The AP 2D Design course is an advanced course in photography and design. This class is a survey of ideas and techniques regarding the visual structure of 2D design, including the elements of design (line, color, shape, value, texture, space) in relation to the principals of design (unity/variety, balance, emphasis, contrast, rhythm, repetition, proportion/scale, and figure/ground). Students investigate all facets of abstraction through design, composition, and theoretical elements relative to the medium via studio projects, lectures, group critiques, gallery/museum visits,and presentations on contemporary & historical artists and designers. Studio projects, critique participation, journals, and critical writing projects are required. The course promotes a sustained investigation of all three aspects of portfolio development - quality, concentration, and breadth - in 2D design throughout the duration of this one-year course.
The Performing Arts Department and the Visual Arts Department collaborate together on the poster designs for various performances. Students prep thumbnail sketches and discuss their ideas in one-on-one meetings with the photography teacher. Once posters are completed, they are submitted anonymously to a board of judges who evaluate, write comments, and select a winning design. The photos below showcase some of the posters that have won over the years.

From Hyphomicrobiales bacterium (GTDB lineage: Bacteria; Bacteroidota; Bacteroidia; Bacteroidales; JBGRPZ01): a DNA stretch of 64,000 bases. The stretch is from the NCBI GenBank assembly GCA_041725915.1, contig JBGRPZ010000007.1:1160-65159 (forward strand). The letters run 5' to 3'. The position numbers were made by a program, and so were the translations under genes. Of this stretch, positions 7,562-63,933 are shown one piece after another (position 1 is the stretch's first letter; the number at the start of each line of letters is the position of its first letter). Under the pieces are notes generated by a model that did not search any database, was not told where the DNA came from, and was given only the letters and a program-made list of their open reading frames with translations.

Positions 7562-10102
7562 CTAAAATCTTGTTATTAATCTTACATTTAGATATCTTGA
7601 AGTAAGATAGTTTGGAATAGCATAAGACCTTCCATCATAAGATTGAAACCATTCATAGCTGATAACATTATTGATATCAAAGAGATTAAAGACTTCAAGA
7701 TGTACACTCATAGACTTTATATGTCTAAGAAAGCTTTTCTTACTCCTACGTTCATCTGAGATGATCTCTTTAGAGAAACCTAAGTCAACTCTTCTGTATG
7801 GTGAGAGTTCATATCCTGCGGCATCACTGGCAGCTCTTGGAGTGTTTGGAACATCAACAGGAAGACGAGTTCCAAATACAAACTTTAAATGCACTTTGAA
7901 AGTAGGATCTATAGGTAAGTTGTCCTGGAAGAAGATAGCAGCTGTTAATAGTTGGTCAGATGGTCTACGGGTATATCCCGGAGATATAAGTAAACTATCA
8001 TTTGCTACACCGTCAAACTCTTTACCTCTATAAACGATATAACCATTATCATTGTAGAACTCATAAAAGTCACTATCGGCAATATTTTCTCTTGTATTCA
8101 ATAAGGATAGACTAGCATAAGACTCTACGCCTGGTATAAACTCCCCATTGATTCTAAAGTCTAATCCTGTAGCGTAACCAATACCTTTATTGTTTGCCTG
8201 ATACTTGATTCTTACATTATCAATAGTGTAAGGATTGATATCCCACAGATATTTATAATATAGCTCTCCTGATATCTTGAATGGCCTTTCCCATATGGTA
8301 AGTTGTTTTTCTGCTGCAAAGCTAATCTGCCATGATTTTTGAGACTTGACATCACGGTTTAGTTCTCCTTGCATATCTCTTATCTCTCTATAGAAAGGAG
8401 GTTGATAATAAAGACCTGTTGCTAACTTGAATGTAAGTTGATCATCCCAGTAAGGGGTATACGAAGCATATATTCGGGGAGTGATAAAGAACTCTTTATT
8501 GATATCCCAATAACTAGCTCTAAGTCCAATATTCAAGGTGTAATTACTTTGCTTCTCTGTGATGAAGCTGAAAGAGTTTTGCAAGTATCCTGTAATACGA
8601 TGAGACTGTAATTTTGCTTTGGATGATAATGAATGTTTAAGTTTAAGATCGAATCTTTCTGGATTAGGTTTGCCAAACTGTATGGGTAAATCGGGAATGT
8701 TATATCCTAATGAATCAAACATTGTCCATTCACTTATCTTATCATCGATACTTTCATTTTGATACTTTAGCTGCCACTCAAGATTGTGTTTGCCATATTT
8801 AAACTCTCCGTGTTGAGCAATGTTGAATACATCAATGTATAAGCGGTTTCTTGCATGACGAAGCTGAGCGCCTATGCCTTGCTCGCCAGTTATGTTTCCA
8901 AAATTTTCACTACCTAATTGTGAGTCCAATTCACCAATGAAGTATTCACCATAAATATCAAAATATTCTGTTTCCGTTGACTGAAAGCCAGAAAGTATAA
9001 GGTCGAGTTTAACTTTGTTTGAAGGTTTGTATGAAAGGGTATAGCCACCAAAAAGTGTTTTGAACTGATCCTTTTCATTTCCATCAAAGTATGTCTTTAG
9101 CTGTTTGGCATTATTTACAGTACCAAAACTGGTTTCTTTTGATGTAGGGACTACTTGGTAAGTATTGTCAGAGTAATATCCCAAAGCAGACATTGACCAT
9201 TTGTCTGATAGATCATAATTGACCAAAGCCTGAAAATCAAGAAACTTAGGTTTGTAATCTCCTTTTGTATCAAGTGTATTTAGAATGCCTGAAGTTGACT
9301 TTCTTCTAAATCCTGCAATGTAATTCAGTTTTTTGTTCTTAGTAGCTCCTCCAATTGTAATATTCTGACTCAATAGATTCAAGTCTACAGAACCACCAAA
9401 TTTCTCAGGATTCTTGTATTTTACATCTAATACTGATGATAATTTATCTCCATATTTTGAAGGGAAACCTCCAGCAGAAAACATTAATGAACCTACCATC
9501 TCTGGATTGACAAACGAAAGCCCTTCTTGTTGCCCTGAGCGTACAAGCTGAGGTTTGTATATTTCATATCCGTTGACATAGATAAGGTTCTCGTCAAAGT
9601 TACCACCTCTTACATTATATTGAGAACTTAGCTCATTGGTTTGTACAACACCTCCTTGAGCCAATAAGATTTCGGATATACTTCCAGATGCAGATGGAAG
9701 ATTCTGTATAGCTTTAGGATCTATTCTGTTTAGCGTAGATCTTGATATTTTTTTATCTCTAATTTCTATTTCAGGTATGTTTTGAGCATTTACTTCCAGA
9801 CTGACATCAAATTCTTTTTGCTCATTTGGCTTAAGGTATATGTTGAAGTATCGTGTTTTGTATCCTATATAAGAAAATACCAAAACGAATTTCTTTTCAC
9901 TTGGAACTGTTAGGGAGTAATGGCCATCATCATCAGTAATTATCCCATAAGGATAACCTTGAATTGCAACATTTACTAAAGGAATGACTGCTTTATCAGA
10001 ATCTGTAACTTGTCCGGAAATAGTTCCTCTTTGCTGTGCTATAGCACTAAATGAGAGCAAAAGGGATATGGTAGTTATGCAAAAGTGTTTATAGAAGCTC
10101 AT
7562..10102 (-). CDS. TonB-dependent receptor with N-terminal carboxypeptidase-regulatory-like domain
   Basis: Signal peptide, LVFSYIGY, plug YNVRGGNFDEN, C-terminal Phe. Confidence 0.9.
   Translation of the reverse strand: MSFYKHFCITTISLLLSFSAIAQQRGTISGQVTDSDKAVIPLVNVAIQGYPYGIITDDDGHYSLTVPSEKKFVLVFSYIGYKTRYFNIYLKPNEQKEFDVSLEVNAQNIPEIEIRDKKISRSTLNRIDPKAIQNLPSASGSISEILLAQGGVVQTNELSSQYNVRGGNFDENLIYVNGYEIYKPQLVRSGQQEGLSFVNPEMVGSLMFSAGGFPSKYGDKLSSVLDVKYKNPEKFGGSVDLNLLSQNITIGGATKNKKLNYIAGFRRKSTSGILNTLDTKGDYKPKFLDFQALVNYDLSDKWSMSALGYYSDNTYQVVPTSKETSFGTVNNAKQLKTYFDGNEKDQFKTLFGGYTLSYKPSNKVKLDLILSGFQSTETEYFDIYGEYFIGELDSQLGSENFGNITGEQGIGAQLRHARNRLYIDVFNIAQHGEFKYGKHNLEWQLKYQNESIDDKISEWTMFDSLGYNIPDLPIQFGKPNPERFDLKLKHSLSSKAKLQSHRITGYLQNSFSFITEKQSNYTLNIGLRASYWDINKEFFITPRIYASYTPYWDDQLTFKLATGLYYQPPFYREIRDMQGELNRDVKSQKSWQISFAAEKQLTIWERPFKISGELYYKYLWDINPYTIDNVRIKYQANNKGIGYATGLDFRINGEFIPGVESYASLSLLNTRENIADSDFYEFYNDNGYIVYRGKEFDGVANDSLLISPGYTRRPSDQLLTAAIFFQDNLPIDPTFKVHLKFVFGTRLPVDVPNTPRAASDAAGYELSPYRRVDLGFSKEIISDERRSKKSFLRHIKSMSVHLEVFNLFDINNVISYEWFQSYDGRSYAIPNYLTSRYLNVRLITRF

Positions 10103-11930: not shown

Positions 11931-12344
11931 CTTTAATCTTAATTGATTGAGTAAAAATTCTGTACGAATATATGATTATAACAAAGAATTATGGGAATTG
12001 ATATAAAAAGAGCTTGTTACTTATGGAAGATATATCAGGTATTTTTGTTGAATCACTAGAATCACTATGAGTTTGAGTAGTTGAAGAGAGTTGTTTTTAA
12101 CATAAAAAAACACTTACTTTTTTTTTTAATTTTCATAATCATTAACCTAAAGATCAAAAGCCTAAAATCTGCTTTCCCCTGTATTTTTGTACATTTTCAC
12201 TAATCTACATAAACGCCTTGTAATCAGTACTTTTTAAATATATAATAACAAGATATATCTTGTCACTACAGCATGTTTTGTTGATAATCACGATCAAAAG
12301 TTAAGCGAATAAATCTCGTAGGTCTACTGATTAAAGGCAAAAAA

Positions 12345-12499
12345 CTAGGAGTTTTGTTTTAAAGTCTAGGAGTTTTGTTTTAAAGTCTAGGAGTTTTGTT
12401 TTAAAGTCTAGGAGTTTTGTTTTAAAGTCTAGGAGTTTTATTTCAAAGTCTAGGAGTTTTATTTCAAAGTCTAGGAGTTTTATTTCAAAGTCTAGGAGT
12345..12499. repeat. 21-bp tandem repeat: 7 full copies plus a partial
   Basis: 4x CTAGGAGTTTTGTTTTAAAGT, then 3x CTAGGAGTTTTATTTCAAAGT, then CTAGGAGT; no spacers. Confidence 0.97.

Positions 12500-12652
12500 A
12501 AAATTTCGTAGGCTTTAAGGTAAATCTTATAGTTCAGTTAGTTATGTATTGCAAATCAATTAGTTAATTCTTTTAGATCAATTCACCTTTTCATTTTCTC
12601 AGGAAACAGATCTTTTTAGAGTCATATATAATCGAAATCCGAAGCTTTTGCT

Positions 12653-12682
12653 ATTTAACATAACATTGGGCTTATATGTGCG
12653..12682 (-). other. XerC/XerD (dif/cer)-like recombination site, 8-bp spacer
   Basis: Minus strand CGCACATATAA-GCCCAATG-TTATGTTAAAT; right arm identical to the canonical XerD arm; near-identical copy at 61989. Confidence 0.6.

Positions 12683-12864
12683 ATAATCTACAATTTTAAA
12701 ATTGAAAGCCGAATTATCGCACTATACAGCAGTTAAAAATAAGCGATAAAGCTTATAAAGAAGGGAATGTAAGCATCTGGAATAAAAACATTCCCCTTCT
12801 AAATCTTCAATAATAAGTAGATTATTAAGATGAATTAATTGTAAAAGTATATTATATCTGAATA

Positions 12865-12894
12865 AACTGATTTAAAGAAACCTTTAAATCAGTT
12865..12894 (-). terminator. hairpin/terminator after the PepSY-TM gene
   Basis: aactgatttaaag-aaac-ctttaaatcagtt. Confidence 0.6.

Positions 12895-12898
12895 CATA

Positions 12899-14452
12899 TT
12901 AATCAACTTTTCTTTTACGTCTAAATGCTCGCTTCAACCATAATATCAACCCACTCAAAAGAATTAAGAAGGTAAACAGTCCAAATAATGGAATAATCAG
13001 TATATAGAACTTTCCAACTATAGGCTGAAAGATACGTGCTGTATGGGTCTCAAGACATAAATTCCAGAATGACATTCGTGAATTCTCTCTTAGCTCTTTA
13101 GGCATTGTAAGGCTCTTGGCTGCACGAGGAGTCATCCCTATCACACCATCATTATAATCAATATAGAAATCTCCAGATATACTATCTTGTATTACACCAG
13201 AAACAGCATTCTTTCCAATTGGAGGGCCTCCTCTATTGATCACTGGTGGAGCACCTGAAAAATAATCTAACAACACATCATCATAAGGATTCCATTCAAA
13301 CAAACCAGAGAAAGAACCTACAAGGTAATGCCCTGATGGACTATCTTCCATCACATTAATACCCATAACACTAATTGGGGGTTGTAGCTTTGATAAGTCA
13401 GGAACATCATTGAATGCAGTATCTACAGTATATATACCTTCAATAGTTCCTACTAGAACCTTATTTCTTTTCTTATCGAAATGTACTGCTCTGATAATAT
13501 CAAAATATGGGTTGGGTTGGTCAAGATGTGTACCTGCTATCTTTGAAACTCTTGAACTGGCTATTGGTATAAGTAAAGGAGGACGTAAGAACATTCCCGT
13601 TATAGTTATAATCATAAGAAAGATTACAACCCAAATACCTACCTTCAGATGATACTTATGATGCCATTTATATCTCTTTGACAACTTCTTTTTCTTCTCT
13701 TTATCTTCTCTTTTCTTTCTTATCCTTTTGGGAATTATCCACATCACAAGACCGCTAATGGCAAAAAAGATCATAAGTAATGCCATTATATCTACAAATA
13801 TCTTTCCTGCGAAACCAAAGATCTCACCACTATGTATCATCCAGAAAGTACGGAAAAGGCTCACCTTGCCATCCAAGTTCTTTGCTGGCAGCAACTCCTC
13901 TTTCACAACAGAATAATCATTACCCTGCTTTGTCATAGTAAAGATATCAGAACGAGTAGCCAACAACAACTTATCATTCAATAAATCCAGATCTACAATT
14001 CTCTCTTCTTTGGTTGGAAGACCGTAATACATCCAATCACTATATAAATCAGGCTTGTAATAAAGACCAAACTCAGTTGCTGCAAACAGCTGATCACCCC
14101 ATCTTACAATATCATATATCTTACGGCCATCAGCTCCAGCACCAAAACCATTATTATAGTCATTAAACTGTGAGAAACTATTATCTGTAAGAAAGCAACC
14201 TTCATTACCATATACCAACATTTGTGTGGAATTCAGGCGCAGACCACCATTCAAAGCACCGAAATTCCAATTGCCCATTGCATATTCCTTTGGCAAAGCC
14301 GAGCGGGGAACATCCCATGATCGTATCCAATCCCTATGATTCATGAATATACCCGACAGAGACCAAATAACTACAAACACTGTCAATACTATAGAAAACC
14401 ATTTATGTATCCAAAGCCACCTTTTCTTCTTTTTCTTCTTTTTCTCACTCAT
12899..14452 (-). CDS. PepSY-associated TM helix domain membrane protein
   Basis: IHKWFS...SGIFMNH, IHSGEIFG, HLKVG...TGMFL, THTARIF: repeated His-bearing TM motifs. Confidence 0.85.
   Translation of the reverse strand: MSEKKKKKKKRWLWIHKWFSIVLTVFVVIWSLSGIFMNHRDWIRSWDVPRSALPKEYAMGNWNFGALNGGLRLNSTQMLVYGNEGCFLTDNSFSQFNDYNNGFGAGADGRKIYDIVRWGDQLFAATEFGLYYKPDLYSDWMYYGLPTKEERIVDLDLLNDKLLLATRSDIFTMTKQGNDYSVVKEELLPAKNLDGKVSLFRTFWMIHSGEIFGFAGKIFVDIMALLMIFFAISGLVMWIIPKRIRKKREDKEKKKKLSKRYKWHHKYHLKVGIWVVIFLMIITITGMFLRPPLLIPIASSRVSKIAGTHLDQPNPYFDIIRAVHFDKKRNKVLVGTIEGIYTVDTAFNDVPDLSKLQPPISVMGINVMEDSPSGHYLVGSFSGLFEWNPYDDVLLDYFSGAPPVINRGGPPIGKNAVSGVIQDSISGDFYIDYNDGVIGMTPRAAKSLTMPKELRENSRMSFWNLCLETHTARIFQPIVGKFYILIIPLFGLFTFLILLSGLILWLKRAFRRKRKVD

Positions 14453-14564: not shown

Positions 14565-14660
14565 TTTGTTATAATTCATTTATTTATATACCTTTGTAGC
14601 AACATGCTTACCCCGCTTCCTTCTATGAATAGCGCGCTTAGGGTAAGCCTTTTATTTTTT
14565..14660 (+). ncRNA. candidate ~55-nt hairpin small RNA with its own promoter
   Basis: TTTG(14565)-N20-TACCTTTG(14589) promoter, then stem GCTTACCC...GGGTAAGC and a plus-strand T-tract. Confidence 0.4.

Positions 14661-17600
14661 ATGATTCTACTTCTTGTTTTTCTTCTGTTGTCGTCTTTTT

This is the first winning design for Sophomore Mia B. '19 in the 2017 Performing/Visual Arts poster design competition. As a second semester Photo 1 student, this is also Mia's first time competing in this highly competitive poster competition. Sharing her thoughts on her first place poster for the iconic 1950s musical Guys and Dolls, she comments: "When taking on the Guys and Dolls poster assignment, at first I wasn't sure which direction I wanted to go. I figured out that sometimes the best inspiration comes from going back to the original. I found a vintage Guys and Dolls posters online and was automatically drawn to the vibrant colors and playful feel. I decided that keeping the design simple and bright with a retro feel was the best way to go. When I found out I had won I did not believe it was true, as I never expected to win with so many other amazing entrees. I feel extremely honored!"